Taylor's series for sin(x^2) (1 Viewer)

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Find the first three terms of the Taylor's series for sin(x^2)

The constant term is 0 as usual. The first non-zero term is (include power of x as well as its coefficient):

according to the book

f(x)=f(0)+f'(0)x+f''(0)x^2/2!+f'''(0)x^3/3!...

so I think the first non zero term is

f'(0) = cos(x^2)2x

but substituting x with 0, the term will be zero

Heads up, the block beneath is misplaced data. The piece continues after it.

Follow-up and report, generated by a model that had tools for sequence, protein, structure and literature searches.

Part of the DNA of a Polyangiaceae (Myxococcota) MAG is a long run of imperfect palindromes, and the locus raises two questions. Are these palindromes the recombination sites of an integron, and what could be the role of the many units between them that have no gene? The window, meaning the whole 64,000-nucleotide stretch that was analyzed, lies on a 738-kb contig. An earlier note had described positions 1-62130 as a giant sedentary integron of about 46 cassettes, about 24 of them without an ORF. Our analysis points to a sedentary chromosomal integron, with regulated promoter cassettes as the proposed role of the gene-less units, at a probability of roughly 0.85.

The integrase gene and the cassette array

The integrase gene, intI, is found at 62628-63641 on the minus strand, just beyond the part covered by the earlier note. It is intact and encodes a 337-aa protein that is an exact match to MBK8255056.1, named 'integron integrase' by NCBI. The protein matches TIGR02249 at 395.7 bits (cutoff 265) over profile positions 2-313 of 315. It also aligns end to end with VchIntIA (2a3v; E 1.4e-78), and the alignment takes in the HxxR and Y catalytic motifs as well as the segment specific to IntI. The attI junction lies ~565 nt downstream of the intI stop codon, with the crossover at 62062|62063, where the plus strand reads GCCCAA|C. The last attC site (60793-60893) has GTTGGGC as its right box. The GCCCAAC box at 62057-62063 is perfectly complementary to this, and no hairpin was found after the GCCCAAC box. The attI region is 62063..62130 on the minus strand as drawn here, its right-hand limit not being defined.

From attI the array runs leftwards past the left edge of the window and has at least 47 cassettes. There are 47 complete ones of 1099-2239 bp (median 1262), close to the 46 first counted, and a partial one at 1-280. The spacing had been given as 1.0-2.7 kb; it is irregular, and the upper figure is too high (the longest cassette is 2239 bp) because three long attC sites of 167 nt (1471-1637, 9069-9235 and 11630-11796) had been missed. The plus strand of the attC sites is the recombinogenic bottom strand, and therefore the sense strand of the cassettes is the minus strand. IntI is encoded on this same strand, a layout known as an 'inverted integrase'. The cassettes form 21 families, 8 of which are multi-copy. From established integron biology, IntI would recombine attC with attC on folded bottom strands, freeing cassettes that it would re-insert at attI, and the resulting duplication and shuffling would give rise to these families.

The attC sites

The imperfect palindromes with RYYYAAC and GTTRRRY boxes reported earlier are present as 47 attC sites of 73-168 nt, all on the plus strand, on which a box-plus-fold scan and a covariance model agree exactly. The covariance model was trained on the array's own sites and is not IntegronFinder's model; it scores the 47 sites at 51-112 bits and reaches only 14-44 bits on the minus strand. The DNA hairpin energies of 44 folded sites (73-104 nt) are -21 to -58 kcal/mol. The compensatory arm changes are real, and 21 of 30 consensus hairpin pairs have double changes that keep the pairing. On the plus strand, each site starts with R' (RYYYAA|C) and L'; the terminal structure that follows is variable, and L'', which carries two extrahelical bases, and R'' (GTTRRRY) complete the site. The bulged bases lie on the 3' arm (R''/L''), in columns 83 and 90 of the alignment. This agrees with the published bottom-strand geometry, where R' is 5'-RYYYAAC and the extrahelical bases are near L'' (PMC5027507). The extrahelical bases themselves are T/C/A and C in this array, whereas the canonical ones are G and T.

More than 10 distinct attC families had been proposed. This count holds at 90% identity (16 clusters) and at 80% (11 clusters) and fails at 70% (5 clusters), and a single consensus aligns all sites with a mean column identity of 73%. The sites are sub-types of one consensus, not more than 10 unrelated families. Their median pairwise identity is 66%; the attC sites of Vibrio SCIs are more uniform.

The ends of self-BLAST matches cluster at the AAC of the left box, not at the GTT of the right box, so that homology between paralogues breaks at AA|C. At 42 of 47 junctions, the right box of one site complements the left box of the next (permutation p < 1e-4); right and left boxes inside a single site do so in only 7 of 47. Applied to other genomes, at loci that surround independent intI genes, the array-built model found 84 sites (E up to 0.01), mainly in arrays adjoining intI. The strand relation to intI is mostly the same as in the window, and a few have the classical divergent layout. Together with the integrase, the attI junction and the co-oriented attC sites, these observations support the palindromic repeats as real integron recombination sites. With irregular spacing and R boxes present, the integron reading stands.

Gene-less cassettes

and there will always be an x in the expression if I keep differentiating.

So how do I do it?

THANKS!
 

HallsofIvy

Science Advisor
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f(x)= sin(x^2) so f'(x)= 2x cos(x^2) as you say. However, when you find the second derivative you use the product rule: f"(x)= 2 cos(x^2)- 4x^2 sin(x^2). No, there is not always an x in the expression. f"(0)= 2.

In fact, if you know the Taylor's series for sin(x) you can get the Taylors series for sin(x^2) just by substuting x^2 for x in it.
 
Thanx alots!
 

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